If you’re moving abroad soon, you’re probably experiencing a wide assortment of emotions. This is an exciting time. You have a big adventure ahead of you.
It can also be a bit intimidating or even scary, too. There are a lot of unknowns when you relocate to a new place. Relocating to a different country comes with its own set of considerations.
To help you feel less nervous and stressed, here’s a list of what you will need when moving out of the country.
Apply for a Visa
Applying for your visa is a necessary step. It is also often the longest part of the moving abroad process. So, you’ll want to start early.
The application will ask a lot of detailed questions such as why you are moving, how you will pay for your stay, and where you will live.
Be prepared to spend a great deal of time on this unavoidable paperwork. Every country has a different process, or requirement to be eligible for a visa so make sure to do ample research.
If you plan on staying long-term you may want to consult an immigration lawyer as well. They can also help you go through the complicated process of applying for citizenship if you wish.
You may be surprised at how involved the packing process can be when moving internationally. This is another step you’ll be wise to begin fairly early.
Depending on how long you plan to live in your new country, packing could be more or less extensive. For instance, if you won’t be gone long and intend to keep your current home, you’ll have a much easier time than if you need to sell, store or move all of your possessions.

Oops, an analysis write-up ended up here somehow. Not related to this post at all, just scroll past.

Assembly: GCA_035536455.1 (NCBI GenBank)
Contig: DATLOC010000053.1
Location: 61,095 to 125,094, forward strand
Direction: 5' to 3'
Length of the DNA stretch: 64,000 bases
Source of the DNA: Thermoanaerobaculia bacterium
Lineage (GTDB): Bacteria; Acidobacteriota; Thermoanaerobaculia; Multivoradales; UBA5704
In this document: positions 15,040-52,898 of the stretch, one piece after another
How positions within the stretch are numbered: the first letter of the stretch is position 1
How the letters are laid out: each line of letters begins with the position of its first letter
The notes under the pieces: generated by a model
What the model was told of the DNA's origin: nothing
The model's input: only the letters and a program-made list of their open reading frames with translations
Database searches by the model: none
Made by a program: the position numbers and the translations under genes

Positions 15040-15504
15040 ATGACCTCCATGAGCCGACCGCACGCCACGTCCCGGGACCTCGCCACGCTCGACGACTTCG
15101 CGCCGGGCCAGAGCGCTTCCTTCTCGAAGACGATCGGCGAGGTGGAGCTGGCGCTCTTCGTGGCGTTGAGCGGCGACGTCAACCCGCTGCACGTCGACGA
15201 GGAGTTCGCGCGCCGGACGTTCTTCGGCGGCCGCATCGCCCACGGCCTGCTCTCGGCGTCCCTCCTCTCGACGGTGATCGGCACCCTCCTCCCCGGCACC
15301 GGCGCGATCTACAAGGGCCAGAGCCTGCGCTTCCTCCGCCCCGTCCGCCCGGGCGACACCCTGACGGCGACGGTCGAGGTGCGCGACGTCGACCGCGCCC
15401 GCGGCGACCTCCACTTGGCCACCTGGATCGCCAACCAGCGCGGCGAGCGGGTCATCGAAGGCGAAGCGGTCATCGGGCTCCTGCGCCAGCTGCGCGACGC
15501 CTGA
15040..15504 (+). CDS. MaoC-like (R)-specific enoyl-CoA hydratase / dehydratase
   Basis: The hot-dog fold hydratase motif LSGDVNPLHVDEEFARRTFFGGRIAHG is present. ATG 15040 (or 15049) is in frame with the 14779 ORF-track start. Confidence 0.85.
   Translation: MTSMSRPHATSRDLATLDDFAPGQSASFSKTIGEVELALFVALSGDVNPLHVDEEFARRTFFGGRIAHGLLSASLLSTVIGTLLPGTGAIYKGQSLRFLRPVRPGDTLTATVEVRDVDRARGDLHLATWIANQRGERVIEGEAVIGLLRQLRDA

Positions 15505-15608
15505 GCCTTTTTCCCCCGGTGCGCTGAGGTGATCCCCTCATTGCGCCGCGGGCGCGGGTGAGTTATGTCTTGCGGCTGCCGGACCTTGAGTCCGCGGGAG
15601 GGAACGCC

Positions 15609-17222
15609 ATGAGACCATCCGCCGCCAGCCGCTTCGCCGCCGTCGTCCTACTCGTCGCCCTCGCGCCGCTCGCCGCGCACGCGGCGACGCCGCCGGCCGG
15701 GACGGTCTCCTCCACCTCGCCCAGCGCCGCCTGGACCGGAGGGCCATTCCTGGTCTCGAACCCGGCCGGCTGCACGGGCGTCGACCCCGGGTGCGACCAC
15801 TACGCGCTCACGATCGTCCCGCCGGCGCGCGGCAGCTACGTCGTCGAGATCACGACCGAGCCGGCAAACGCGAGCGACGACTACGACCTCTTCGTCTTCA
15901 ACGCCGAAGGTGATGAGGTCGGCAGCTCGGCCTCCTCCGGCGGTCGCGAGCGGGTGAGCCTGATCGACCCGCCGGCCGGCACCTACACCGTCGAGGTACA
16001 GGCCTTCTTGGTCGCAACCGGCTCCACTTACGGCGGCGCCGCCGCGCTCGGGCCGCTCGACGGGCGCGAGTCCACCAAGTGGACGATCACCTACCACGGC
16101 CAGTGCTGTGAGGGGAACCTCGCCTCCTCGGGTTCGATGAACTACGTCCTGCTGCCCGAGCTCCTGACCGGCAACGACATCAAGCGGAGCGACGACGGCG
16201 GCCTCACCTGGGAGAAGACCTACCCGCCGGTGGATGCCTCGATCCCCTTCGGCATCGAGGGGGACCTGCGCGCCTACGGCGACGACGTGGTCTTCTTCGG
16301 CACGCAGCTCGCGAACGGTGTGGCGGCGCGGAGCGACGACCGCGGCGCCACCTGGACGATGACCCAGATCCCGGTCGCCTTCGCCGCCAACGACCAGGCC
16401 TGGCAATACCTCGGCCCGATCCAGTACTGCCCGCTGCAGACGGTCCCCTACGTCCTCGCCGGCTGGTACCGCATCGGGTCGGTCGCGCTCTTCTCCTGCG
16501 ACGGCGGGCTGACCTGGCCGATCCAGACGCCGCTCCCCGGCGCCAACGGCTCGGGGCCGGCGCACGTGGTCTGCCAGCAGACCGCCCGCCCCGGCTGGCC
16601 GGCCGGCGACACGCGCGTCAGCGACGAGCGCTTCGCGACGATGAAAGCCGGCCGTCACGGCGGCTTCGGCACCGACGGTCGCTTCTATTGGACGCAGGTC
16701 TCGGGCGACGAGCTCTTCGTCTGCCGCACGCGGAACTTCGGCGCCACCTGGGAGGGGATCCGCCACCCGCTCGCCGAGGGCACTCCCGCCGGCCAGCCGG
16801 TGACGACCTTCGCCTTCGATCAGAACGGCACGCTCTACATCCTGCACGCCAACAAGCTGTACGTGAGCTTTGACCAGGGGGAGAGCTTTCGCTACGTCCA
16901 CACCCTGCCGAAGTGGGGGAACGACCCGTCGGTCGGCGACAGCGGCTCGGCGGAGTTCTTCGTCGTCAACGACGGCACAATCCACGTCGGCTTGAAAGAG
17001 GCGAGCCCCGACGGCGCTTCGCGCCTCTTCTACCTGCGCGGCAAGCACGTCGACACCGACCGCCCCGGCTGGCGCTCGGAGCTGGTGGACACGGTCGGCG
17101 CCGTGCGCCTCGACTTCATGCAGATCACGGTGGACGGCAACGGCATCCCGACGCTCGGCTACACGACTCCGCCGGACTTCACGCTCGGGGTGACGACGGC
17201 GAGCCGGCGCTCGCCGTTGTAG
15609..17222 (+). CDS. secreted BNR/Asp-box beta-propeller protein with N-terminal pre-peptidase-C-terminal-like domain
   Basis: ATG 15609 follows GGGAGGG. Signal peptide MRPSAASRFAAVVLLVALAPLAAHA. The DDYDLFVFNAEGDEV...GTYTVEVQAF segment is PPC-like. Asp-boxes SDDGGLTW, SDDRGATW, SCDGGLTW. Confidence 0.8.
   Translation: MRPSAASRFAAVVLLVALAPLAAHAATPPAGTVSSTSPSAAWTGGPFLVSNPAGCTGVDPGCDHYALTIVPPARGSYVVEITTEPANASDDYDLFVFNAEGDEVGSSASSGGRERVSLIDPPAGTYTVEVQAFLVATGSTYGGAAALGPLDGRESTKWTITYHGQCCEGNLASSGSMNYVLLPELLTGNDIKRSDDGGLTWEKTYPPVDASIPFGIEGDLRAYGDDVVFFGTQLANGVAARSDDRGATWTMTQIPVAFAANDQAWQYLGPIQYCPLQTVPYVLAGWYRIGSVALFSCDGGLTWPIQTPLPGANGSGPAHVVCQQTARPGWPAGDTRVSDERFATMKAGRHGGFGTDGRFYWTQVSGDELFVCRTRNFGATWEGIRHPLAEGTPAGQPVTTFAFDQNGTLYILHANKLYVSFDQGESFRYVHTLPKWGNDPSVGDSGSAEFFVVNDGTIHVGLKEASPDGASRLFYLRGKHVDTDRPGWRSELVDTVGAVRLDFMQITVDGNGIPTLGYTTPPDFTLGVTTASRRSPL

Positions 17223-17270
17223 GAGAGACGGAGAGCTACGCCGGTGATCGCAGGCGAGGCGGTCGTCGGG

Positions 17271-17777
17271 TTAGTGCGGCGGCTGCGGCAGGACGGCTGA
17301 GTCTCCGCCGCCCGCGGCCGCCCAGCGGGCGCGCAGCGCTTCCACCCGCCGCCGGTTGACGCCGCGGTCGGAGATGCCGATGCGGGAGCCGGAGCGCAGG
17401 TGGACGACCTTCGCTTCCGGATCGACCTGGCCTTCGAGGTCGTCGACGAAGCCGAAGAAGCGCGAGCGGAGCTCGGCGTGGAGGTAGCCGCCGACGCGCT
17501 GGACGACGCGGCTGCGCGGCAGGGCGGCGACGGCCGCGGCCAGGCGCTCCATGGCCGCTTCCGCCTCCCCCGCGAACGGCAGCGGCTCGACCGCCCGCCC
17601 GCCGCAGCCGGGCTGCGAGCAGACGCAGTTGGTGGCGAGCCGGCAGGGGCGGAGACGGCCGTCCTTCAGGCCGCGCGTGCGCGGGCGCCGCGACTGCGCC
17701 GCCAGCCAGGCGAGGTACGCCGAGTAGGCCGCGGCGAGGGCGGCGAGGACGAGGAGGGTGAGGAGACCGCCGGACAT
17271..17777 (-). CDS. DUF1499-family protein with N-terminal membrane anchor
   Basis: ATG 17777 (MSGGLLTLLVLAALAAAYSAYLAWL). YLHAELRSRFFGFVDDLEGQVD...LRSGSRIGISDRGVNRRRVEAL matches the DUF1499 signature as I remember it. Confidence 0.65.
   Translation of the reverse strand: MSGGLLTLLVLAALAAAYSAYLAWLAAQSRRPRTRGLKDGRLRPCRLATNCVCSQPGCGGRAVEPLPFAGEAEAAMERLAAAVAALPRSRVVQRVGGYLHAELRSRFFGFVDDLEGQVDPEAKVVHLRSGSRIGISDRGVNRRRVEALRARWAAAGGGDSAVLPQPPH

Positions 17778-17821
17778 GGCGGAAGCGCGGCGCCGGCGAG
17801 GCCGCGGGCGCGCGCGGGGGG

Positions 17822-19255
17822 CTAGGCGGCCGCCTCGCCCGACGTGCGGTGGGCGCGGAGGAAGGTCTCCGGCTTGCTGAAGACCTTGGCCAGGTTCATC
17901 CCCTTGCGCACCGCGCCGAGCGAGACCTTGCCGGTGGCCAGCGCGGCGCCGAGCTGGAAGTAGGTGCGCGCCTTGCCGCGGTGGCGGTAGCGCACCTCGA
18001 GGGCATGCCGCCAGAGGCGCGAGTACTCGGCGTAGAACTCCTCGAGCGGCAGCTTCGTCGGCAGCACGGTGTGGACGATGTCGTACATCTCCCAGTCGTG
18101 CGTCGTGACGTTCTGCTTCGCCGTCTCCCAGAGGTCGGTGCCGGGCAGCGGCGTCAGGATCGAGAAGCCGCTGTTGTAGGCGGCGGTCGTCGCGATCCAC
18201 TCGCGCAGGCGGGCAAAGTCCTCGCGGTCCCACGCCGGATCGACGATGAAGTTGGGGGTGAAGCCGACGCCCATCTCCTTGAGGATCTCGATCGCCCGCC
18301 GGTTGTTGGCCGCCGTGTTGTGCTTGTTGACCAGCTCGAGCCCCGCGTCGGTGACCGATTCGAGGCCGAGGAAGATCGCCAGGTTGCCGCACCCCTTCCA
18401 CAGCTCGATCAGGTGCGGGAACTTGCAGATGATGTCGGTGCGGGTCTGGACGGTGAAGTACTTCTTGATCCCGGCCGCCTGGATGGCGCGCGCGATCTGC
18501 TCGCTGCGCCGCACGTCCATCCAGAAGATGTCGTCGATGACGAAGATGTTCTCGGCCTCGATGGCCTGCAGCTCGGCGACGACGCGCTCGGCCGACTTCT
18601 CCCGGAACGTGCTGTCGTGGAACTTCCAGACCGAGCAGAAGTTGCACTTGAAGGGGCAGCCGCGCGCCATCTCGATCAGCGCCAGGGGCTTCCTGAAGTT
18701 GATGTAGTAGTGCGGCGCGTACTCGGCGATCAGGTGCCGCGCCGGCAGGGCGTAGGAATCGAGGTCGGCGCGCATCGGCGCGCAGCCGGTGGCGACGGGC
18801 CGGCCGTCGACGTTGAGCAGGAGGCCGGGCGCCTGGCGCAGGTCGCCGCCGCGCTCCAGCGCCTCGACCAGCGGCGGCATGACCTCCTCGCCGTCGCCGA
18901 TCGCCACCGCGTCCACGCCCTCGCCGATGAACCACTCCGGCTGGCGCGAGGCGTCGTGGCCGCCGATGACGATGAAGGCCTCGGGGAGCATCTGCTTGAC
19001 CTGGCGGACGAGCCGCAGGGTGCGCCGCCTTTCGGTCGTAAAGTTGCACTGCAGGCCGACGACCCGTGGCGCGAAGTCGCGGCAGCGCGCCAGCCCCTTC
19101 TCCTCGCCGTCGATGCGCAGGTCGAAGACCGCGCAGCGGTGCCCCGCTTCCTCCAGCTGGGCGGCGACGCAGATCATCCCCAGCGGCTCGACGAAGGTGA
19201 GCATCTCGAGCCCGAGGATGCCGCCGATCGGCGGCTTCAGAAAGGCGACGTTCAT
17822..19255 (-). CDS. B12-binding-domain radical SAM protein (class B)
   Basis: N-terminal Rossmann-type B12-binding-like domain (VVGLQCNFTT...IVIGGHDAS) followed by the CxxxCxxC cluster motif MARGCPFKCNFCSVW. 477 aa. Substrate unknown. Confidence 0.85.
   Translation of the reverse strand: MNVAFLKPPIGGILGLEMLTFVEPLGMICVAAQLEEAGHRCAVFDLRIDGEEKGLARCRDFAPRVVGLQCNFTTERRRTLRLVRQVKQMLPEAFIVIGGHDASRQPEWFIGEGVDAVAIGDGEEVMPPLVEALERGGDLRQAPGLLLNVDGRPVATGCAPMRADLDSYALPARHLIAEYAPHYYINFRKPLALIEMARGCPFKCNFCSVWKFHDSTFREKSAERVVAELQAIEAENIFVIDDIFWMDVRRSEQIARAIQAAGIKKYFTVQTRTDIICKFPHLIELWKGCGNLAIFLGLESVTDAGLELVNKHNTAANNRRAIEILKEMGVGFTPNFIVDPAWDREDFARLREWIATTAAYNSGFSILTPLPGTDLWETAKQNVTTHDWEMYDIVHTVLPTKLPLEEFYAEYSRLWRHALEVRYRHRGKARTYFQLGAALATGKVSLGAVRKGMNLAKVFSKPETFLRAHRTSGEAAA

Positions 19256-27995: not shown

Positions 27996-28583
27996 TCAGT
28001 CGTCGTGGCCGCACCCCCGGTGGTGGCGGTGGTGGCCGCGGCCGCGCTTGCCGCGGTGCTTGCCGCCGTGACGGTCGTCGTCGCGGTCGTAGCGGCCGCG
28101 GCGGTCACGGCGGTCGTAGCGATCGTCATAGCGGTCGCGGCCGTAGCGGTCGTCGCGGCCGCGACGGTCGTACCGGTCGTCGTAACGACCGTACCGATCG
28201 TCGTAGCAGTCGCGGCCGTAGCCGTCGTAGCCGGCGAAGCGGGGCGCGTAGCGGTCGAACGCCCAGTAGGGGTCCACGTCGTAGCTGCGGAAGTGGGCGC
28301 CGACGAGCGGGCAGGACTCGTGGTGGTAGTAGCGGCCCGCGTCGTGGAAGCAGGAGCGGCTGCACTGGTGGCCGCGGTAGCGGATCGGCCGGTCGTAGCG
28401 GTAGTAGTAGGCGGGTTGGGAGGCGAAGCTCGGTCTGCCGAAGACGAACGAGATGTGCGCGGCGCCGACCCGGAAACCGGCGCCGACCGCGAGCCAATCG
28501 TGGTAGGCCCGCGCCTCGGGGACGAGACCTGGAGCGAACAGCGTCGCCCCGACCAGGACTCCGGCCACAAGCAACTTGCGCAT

Regardless of circumstances, a good rule of thumb is that you’ll need less than you think you do. Plan to pare down and pack only the essentials. This will make things go much more smoothly. You’ll be glad you were disciplined and discerning.
You’ll feel less unsure once you’ve secured housing abroad. This process can be lengthy and detailed. Get a jump on it right away if your employer hasn’t arranged things for you.
As with any housing decisions, you’ll first want to decide what kind of home you want and if you’ll buy or rent. Determine your budget, preferred distance from work, type of neighborhood, home amenities, and location features.